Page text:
If you were a red coral, you’d have enough time to fulfill several bucket lists before you died. Though it’s hard to figure out what you’d put on them.
The red coral, which can live for five hundred years, is one of several marine species that make human lifespans look like a blink of the eye by comparison. In a new study, scientists have honed in on what enables some of these marine species to live for hundreds of years.
In the Deep
The study authors combed through dozens of other studies that estimated lifespans “for more than 200 species found worldwide,” says lead author Ignasi Montero-Serra, predoctoral candidate at the University of Barcelona.
Looking at the patterns of sessile, or immobile, species like corals, macroalgae, sponges, and gorgonians—a type of coral that includes sea fans—the team found that animals living in deeper waters were likely to have longer lives.
Mediterranean red coral, with a potential lifespan of more than 500 years, live at depths of over half a mile deep.
The longest-lived known marine species, Montero-Serra says, was a sponge (Monorhaphis chuni) that was estimated to be 11,000 years old and lived 1,000 feet below sea level. (See: Meet the Animal That Lives for 11,000 Years)
Keep Calm and Carry On
The stability of the deep sea environment likely helps deep-dwelling species live longer. (Related: Many Sharks Live a Century - Longer Than Thought)
At greater depths, animals are protected from issues that affect species in more shallow waters, like temperature changes and severe storms, says co-author Dan Doak, professor of environmental studies at the University of Colorado at Boulder.
Staying put has its merits as well.
“Being sessile seems to correlate with at least the potential for longevity in marine animals as well as terrestrial plants,” Doak says.
Natural selection favors long lifespans in stable environments "where chance events don't kill you off"—like deep below the sea. Species in shallower waters stand a far higher chance of dying young from dangers like predators. That means there's no particular evolutionary benefit to such creatures being able to repair their bodies and remain hardy into old age, Doak says.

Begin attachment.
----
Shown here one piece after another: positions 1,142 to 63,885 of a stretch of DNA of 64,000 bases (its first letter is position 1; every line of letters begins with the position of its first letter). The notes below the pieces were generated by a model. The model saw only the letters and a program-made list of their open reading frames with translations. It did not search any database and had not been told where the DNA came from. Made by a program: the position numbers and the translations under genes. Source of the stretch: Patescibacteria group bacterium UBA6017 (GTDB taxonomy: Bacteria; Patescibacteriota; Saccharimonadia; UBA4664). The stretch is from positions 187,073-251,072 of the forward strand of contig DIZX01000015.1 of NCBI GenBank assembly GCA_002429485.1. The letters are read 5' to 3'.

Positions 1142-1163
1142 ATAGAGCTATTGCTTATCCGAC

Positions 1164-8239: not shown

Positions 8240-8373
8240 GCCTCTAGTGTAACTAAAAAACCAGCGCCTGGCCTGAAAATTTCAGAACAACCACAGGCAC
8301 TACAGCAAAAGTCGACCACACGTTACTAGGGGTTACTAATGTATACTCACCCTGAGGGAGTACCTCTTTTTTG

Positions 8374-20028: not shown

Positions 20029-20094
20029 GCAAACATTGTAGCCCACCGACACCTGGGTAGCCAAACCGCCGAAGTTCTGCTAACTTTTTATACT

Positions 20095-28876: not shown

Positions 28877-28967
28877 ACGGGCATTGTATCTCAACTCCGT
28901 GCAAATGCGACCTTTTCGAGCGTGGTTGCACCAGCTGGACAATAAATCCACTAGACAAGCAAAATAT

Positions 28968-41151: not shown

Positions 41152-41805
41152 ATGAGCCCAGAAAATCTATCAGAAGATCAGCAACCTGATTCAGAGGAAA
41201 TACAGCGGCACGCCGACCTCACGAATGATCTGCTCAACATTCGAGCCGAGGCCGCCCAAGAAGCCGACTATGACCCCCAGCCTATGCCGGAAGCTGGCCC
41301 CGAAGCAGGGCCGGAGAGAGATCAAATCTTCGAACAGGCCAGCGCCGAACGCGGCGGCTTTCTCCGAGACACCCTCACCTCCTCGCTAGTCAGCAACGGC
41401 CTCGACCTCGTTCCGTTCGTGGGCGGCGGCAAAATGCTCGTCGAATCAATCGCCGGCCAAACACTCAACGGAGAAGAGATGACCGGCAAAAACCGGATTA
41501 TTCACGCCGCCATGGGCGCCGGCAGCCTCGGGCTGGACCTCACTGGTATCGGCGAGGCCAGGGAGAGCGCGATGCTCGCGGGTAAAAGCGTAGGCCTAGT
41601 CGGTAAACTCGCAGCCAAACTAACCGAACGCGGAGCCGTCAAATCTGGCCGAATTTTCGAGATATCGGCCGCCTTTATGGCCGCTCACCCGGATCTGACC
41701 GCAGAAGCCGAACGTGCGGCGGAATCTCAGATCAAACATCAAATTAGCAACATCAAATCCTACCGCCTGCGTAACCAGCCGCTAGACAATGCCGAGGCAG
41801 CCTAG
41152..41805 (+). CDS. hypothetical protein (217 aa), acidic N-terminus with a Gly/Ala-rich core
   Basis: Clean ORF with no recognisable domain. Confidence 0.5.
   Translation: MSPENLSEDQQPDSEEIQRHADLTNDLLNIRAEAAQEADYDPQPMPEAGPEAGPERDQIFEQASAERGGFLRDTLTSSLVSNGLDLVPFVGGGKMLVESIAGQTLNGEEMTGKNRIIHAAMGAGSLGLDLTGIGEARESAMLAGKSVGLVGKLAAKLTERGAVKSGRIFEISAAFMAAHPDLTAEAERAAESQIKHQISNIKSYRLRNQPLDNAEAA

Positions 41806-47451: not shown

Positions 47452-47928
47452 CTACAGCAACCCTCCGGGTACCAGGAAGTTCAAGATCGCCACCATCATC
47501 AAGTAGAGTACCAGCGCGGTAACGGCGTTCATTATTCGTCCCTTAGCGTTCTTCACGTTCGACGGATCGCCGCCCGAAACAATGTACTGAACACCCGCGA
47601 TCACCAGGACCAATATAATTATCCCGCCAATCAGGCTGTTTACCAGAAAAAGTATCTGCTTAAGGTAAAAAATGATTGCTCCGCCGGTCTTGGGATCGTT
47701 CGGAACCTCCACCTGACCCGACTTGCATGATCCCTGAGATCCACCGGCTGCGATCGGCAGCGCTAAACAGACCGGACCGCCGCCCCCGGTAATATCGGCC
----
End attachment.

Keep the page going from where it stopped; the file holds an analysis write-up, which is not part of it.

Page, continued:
Another factor, Monterro-Serra notes, is that these sessile species are clonal. They “form a colony of multiple units that are genetically identical, called polyps in the case of corals and gorgonians.” Clonal organisms can escape age-related deterioration “by asexually replicating its units,” so that while parts may die off “the whole colony can remain fully functional through time.”
With clonality, "an individual is always made up of young pieces," Doak says, so young units are constantly replacing older ones rather than being a single unit, like us, that simply ages.
These long-living species, however, may be in trouble. The deep waters used to be free of human activity, Linares says, but “increasing threats are affecting deep habitats and species.”
Climate change, for example, has been shown to affect these deep-water ecosystems.
Other threats include “pollution, including plastics, which have been shown to penetrate even deep waters,” Doak says.
Long-lived animals at these depths also grow and reproduce slowly so if a disturbance they’re not adapted to hits them, it’s very hard for them to recover, Doak says.
Abandoned fishing gear, known as ghost nets, can damage these fragile communities, Montero-Serra says, and fishing practices like trawls that reach these habitats “can rapidly destroy sessile populations and communities that may need hundreds of years to recover.”